This week WeWork, also known as The We Company and best known for its global coworking business, is adding another software company to its portfolio of acquisitions. WeWork announced yesterday that it will acquire SpaceIQ, what it calls a “workplace real estate management and operations platform.”
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This deal caught our eye for a few reasons. First, it’s yet another software buy from a company with its roots firmly in the real world. And, WeWork is heading towards an IPO that could land as soon as next month.
So, what’s going on with WeWork and its software buys? Let’s examine the situation.
WeWork Hearts Software
WeWork has made 15 known acquisitions during its life (the company was founded in 2010, for reference). Some of the company’s buys are pedestrian deals. Its $400 million acquisition of China-based coworking company Naked Hub, for example.
Then there are WeWork’s software buys. In addition to the newly-announced SpaceIQ deal, here are some of WeWork’s buys that deal with software or similar stuff:
- WeWork bought Waltz this June. The company sells building access software.
- Update: WeWork also bought Islands! My bad for missing this one. Islands was a digital communications platform for groups.
- WeWork bought Euclid this February. The company sells physical space analytics using WiFi signals.
- WeWork bought Teem in September of 2018. The company sells room booking software.
- WeWork bought Conductor in March of 2018. The company sells “[e]nterprise SEO and Content technology for collaborative, customer-driven teams.”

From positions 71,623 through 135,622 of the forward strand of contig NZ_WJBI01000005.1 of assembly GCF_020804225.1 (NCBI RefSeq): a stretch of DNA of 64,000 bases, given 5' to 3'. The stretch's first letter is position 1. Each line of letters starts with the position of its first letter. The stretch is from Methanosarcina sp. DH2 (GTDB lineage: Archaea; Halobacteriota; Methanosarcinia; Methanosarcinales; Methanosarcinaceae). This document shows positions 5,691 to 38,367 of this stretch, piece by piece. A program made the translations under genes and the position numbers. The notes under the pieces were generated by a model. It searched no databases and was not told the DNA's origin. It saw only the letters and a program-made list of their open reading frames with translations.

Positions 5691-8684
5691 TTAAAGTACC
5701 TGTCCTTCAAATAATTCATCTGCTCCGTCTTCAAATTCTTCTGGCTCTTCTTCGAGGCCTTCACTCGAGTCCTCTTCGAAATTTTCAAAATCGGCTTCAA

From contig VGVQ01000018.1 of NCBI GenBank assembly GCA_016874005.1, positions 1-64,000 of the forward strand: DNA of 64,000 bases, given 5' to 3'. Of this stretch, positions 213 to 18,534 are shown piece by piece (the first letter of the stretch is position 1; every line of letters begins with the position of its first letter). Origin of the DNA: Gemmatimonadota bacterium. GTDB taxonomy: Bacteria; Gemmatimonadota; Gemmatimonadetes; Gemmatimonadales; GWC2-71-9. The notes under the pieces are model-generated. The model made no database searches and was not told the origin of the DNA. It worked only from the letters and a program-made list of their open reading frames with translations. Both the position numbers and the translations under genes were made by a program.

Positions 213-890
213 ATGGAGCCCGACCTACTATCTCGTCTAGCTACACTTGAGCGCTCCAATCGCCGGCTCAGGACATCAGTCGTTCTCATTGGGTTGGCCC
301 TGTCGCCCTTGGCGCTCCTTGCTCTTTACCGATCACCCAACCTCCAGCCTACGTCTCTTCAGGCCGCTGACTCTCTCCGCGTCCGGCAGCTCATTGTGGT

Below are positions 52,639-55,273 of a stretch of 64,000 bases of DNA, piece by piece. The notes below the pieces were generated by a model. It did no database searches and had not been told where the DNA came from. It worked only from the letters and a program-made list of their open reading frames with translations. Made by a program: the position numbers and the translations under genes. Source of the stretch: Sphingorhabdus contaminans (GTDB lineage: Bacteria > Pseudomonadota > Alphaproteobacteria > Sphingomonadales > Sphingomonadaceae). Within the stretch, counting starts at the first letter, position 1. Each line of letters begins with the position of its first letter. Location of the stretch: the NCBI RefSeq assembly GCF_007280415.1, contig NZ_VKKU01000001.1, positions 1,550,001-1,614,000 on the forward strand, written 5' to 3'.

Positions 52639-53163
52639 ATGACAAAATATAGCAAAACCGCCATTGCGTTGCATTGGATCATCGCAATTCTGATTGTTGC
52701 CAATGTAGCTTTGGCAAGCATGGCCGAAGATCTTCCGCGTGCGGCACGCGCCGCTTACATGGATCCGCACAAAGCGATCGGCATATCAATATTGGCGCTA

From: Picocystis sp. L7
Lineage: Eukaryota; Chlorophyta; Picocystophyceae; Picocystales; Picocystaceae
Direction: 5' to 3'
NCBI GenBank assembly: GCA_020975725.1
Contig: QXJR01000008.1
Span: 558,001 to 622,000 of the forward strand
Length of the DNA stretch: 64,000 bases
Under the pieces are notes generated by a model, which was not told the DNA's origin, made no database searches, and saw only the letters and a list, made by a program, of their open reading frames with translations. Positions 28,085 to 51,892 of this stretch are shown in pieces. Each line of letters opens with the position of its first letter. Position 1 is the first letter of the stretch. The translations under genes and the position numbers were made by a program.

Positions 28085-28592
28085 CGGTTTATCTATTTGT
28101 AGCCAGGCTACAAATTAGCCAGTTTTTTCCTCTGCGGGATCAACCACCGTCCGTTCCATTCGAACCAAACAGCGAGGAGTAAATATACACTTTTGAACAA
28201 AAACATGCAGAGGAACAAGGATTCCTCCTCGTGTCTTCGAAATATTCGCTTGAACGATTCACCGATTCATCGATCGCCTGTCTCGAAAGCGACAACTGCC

- WeWork bought Meetup in November of 2017 (we broke that story). The company sells real-world hangout tooling.
There are two things to note in the above set of deals. First, there are more than a few. Indeed, WeWork has acquired at least a half-dozen software and software-ish companies to-date. Second, most of those companies hang close to the real estate world. This means that WeWork is building a real-estate focused software arm.
Prepping to write this post this morning, I expected the WeWork software buys to appear more scattered. But, they don’t. Not really. This means that WeWork is doing something a bit less cynical than I expected. But before we get to what the company may be up to with these buys, let’s examine the pace of its acquisitions.
Here’s a chart of WeWork’s known acquisitions since the start of 2018:
So, a slight uptick in recent quarters. The final column in the chart is provisional, naturally, given that the period is only about one-third complete.
Now let’s get back to strategy.
Why Software Matters
That WeWork is buying software companies isn’t a surprise. WeWork is a highly-valued, venture-backed company that wants to keep its worth intact when it goes public in a few months.
However, if you value it using public comps, WeWork is overvalued. This is a problem for the company (it needs to keep raising money to fund its growth) and its investors (who bought slices of the company for high-dollar sums).
To ameliorate the issue, WeWork may be able to partially rebrand as a software company. If it can convince the market that it is more than a real estate firm, it may be able to command a larger revenue multiple, thus making it easier for WeWork to defend its present valuation during an IPO.
But WeWork isn’t cynically buying random software companies in hopes of stringing them together into some sort of public-market-friendly chimera; instead, as we’ve seen above, the company is buying related software companies, possibly building a sort of full-building software stack that it can sell to other real estate companies. It’s buying software companies focused on the same space that its core operations work in.
I would bet you $1 that WeWork is far, far away from having software revenues which comprise a material percentage of its aggregate top line. But if WeWork can paint a growth-y picture of its software business in its IPO documents it will have two avenues to revenue expansion, the more valuable of which would help reprice the less-prized business.
Bring on the S-1.
Update: Forbes’ Alex Konrad pointed out that I’m a bit slow to the point that WeWork’s software buys often point in one direction. Indeed, if you search anywhere on the Internet for WeWork and, say, operating system or platform, you can find lots of material on the matter. I suppose my only redemption here is that at least I wound up thinking the accurate thing in the end. Better that than never.